Football Victoria has announced plans to scale back its operations with the aim of securing the financial viability of the organisation and its member clubs through the evolving COVID-19 health crisis. It follows the recent suspension of football activity across Australia until at least 14 April 2020.
Effective immediately, the state football’s governing body will invoke an average 40% pay reduction across its five-member executive team. In addition, it will stand down more than half of its workforce for a period of one month commencing 1 April 2020, with affected staff to have access to annual leave and long service leave entitlements for the duration of the shutdown.
Football Victoria also announced that it will:
- Retain a core team of football, operational and business services staff on reduced hours and pay, with a focus on providing ongoing support to member clubs across the state, as well as scenario-planning to enable the resumption of all sanctioned competitions and participation programs post-shutdown;
- Place an immediate freeze on recruitment; and
- Consider the potential for further staffing adjustments subject to the duration and/or financial impact of the suspension of football activity.
Football Victoria anticipates that the onset of stage three government restrictions is likely to restrict non-essential services, including football activity, beyond the suspension period initially imposed by the sport (14 April). This is currently being considered by FFA and Member Federations with the view of extending the suspension of football activity beyond the current suspension period.
Following the announcement of the Commonwealth Government’s ‘Job Keeper’ support package aimed at helping employers retain staff during the COVID-19 crisis, and notwithstanding the move to scale back operations at Football Victoria, the governing body will examine details of the package with the aim of retaining as many employees as possible during this time.
Football Victoria CEO, Peter Filopoulos, described the situation facing the game as one of the most difficult in its long history in Australia.
“These are extraordinary times, which call for extraordinary action to ensure the financial viability and long-term sustainability of our game across Victoria. It’s gut-wrenching for everyone involved in the game, and I’m acutely aware of the impact that stand downs will have on the lives of our people”, he said.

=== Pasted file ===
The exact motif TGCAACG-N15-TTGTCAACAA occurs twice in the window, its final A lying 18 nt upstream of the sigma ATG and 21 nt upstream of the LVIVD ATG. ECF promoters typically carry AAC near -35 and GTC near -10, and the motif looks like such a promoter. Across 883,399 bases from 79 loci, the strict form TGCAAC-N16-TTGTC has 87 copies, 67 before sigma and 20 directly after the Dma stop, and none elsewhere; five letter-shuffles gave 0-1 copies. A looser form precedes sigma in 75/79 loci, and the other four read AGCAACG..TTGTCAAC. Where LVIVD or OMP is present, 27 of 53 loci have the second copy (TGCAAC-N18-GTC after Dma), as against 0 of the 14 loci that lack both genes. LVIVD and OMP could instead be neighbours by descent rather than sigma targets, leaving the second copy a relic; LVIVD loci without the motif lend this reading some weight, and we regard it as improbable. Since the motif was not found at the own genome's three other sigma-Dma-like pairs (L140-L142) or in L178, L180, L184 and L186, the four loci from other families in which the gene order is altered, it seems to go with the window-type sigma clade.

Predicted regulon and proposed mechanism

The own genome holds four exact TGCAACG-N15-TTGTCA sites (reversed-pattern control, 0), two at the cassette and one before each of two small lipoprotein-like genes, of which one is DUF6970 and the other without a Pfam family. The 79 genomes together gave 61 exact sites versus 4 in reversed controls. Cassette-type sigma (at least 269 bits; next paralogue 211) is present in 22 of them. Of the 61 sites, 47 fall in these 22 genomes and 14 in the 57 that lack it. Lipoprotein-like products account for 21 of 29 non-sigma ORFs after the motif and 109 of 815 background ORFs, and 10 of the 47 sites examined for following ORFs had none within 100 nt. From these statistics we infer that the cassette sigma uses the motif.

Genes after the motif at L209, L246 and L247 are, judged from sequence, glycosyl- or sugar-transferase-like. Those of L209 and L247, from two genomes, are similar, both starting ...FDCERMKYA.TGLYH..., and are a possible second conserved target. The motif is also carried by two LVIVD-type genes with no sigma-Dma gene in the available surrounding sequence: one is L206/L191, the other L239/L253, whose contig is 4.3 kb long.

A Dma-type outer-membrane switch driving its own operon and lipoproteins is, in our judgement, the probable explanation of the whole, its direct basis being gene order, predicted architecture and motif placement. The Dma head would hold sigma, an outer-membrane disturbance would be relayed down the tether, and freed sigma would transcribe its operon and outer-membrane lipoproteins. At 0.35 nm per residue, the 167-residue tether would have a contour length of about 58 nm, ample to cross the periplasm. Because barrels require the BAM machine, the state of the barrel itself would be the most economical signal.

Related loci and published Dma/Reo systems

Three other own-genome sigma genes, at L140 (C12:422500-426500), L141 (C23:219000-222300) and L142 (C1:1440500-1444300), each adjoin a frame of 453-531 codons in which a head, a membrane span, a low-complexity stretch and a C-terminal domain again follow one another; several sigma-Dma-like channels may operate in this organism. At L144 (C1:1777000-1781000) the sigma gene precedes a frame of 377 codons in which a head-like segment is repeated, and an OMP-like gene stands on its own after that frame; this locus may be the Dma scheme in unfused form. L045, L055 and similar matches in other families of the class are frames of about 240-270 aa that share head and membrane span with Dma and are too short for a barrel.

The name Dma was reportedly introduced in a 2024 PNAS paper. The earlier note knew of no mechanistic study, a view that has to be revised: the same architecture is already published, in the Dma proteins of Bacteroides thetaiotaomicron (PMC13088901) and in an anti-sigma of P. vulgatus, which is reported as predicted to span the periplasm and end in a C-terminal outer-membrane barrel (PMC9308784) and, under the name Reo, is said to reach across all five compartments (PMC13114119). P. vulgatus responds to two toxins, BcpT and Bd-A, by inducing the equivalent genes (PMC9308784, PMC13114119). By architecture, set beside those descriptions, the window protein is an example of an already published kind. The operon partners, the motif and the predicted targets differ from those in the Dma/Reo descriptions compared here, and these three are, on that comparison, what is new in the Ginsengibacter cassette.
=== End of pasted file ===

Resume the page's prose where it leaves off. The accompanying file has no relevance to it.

“However, it’s vital that the organisation is fit-for-purpose during this period, and remains agile and responsive so that we’re in a position to get through the significant challenges facing us right now and be able to resume football activities down the track.
“Over the past couple of years, the team’s been working hard to develop and deliver on our strategic plan, FootbALLways. I’m immensely proud of them, and I’m humbled by the way the Victorian football community has responded to this unprecedented crisis by taking the appropriate precautions to ensure people stay safe and healthy”, Mr Filopoulos said.
“As an organisation, we’ve had to take measured action quickly and we’ve sought to keep our staff and clubs fully informed during this challenging period, with the absolute focus being on their health and well-being, and to support them as well as we possibly can.”
Mr Filopoulos said Football Victoria looked forward to welcoming back those people whose roles are affected by today’s announcement.
“The COVID-19 health crisis continues to evolve and challenge us with many uncertainties and unknowns. Our focus at this time is to look out for our people and clubs so they can take care of themselves and their families, and we will support our staff however we can if they choose to seek alternative employment during the period of the shutdown. Hopefully, the Federal Government’s latest income relief package will go some way to stemming the number of people we have to stand down.”
“Beyond that, we’re working tirelessly in the background in anticipation of resuming football activities as soon as we can overcome the significant challenges facing us right now. This involves comprehensive scenario planning in consultation with member clubs, local government and the broader community to enable the reactivation of as many of the 40,000 fixtures we stage each season across all levels of football”, he said.
“In the meantime, we appreciate the patience and incredible support of the Victorian football community, the lifeblood of our game.”
Mr Filopoulos said Football Victoria was working closely with FFA, Member Federations, and government agencies as it seeks the best advice on a path forward. He said the governing body was also engaging with the federal and state government in relation to financial support during this difficult period.